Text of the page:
Two days later, or on April 7, 1965 plaintiff Aetna Insurance Company filed a manifestation stating that the name of defendant Barber Steamship Lines, Inc. was incorrect and that the correct name was Barber Line Far East Service. Attached to the manifestation was an amended complaint containing the correction. Aetna Insurance Company manifested that copies of the amended complaint would be served on the parties by means of alias summons.

On April 20, 1965 Aetna Insurance Company filed a motion for the admission of its amended complaint. Barber Steamship Lines, Inc. opposed the motion. It contended that its pending motion to dismiss the original complaint should first be resolved before the amended complaint may be admitted.

Judge Ramon O. Nolasco in an order dated April 19, 1965 dismissed the complaint against Barber Steamship Lines, Inc. and directed that alias summonses be issued to the defendants named in the amended complaint.

On May 19, 1965 Barber Line Far East Service, supposedly without admitting to the court's jurisdiction, moved for the dismissal of the amended complaint on the grounds (1) that it is not a juridical person and, hence, it could not be sued; (2) that the court had no jurisdiction over its person; (3) that it was not the real party in interest and (4) that the action had prescribed according to the bill of lading and the Carriage of Goods by Sea Act. Aetna Insurance Company opposed the motion.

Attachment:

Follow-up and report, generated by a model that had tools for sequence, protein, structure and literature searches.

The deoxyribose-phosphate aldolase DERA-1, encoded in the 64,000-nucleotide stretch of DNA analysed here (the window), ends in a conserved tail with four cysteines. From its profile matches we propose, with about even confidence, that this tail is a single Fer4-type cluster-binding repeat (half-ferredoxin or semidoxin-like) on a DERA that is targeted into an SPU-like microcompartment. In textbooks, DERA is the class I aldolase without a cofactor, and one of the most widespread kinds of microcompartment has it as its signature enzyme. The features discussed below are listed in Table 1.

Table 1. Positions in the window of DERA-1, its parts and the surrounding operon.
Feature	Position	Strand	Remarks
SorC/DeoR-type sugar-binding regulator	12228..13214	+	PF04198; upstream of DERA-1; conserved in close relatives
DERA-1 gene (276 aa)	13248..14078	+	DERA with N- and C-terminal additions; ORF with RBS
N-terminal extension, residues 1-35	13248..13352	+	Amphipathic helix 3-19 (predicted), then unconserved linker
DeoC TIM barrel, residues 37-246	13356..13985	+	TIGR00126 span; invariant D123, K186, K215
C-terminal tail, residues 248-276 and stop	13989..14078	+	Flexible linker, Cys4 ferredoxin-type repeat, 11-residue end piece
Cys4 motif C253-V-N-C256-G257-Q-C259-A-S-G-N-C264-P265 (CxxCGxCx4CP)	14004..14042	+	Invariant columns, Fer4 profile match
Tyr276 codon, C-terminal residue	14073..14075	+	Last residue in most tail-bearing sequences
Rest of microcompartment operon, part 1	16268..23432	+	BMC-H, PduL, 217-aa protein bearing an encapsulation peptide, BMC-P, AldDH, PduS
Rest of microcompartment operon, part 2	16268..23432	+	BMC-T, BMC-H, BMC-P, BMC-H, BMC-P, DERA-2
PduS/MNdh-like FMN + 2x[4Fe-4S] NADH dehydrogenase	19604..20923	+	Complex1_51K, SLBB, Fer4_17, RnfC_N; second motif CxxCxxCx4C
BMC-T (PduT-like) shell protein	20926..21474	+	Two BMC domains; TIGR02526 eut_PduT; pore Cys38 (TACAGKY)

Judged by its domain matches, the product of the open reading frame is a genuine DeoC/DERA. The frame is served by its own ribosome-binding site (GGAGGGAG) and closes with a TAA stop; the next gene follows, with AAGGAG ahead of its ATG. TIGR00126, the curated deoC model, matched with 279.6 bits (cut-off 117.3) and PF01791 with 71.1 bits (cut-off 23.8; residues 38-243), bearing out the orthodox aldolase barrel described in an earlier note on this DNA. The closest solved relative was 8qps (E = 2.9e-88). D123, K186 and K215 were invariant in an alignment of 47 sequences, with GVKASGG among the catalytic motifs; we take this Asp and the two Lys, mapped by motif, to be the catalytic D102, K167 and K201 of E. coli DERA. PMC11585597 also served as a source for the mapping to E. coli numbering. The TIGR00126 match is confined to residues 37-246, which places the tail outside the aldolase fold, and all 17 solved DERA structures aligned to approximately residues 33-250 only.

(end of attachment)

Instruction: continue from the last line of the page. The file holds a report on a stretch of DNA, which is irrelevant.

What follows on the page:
Judge Nolasco in his order of July 7, 1965 ruled that inasmuch as according to the complaint the shipment arrived in Manila on February 22, 1964 and the amended complaint, impleading Barber Line Far East Service, was filed on April 7, 1965, or beyond the one-year period fixed in the Carriage of Goods by Sea Act, the action had already prescribed. The case was dismissed as to Barber Line Far East Service.

The legal question under the above facts is whether the action of Aetna Insurance Company against Barber Line Far East Service, as ventilated in its amended complaint, which was filed on April 7, 1965, had prescribed.

As previously stated, the action was for the recovery of damages to a cargo of truck parts which was insured by Aetna Insurance Company and which arrived in Manila on the SS Turandot and were delivered in bad order to the consignee on February 25, 1968 (4 Record on Appeal).

The bill of lading covering the shipment provides:

19. In any event the Carrier and the ship shall be discharged from all liability in respect of loss or damage unless suit is brought within one year after the delivery of the goods or the dates when the goods should have been delivered. Suit shall not be deemed brought until jurisdiction shall have been obtained over the Carrier and/or the ship by service of process or by an agreement to appear.